And this World Cup pretty much had everything on the field and off. It started with an insane group stage full of upsets and ended with the coronation of Germany and the potential start of a dynasty. And along the way it had Robin van Persie’s header against Spain; Guillermo Ochoa blanking Brazil; Costa Rica leaving a trail of established European powers in its wake; James Rodrigues and the Giant Bug; the Netherlands’ equalizer against Mexico in the 88th minute; Tim Howard’s 16 saves and the series of nervous breakdowns that was US-Belgium; and Germany scoring four goals in six minutes against the most celebrated nation in soccer history, a team that hadn’t lost a competitive match on home soil since 1975. But I digress.

What will be really memorable about this year’s Cup, at least for me, is that it unfolded serendipitously to overlap perfectly with our kids very non-soccer focused vacation plans.

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We landed in Amsterdam with enough time to get our bearings, check in to our hotel, purchase bright orange Robben, van Persie and Sneijder jerseys and find ourselves a spot in a bar near the Vondelpark to watch the Netherlands-Argentina match. The teams played to a stalemate and, truth be told, it wasn’t even an exciting stalemate. Argentina won in a shoot out, so we bid adieu to the Dutch who left us with so many lasting memories from this World Cup like…, um, well… Arjen Robben falling down.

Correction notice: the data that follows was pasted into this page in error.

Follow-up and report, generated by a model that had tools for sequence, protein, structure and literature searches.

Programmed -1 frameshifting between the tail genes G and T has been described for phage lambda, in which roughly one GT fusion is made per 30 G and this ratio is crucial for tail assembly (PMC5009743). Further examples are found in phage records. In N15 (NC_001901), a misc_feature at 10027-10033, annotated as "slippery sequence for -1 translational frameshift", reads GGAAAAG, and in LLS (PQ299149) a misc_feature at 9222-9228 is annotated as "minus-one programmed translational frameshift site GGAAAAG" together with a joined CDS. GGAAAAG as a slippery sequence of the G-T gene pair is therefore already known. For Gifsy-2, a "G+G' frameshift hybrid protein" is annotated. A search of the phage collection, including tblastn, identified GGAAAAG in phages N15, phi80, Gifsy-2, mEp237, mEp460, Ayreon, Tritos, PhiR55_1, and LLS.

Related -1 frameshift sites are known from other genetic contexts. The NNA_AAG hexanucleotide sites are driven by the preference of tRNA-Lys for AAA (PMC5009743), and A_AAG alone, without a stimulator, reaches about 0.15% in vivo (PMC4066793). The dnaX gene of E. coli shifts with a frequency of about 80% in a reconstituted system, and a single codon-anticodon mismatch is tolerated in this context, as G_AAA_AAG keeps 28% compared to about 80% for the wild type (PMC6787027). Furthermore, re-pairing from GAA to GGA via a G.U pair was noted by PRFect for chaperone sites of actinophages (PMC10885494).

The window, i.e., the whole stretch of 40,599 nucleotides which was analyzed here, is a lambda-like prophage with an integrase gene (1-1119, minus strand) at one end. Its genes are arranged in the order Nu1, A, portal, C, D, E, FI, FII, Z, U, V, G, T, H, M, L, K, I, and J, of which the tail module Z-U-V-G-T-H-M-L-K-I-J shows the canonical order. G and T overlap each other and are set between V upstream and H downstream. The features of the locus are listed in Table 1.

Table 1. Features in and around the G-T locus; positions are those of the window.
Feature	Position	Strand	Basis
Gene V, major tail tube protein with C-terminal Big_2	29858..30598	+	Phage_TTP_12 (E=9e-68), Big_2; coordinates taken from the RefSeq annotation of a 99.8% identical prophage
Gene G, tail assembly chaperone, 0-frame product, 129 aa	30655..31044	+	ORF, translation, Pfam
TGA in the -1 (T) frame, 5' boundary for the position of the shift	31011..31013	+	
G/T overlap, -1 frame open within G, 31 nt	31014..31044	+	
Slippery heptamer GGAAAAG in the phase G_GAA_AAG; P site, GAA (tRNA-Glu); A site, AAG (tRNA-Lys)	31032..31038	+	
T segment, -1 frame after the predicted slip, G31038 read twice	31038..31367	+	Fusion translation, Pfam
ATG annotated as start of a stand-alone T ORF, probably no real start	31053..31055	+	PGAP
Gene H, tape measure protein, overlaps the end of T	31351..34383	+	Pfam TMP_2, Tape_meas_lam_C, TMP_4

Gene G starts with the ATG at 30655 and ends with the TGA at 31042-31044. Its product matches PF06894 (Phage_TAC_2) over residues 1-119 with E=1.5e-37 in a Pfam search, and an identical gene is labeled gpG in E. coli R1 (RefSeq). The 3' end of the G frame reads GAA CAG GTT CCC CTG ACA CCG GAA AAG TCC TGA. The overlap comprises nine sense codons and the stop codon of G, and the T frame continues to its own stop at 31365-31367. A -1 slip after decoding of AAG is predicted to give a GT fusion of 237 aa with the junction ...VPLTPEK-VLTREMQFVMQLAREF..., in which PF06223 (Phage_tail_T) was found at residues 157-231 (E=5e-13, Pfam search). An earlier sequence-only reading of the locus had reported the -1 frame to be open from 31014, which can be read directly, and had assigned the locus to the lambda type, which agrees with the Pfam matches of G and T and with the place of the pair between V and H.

But we weren’t that upset. Our love of the Dutch was fleeting because, serendipitously, Germany let loose a historic and unanticipated 7-1 drubbing on Brazil in the other semi-final and, by chance, our itinerary had us landing in Berlin the day of the finals. So once again, we had just enough time to get our bearings, buy some appropriately allegiant clothing (this time the last of the German hats and flags in the stores), and make our way to the Brandenburg gate to watch the World Cup finals on the big screens with 100,000 of our closest German friends who were armed with a seemingly unending supply of beer and sausage.

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We all know how the story ends. Germany were crowned world champions for the fourth time thanks to a stunning extra-time winner from super sub Mario Gotze in the 113th minute. We hugged our drunk German brethren. We loudly sang German soccer songs without knowing a single word other than “Deutchland, Deutchland.” We drank giant beers. And we ruined our kids. Because now they want to know where we will celebrate the World Cup championship four years from now and I have to tell them that you can’t re-create what happened because it happened entirely by chance. It was serendipity. It was magical. And sometimes things just work out because working out feels awesome.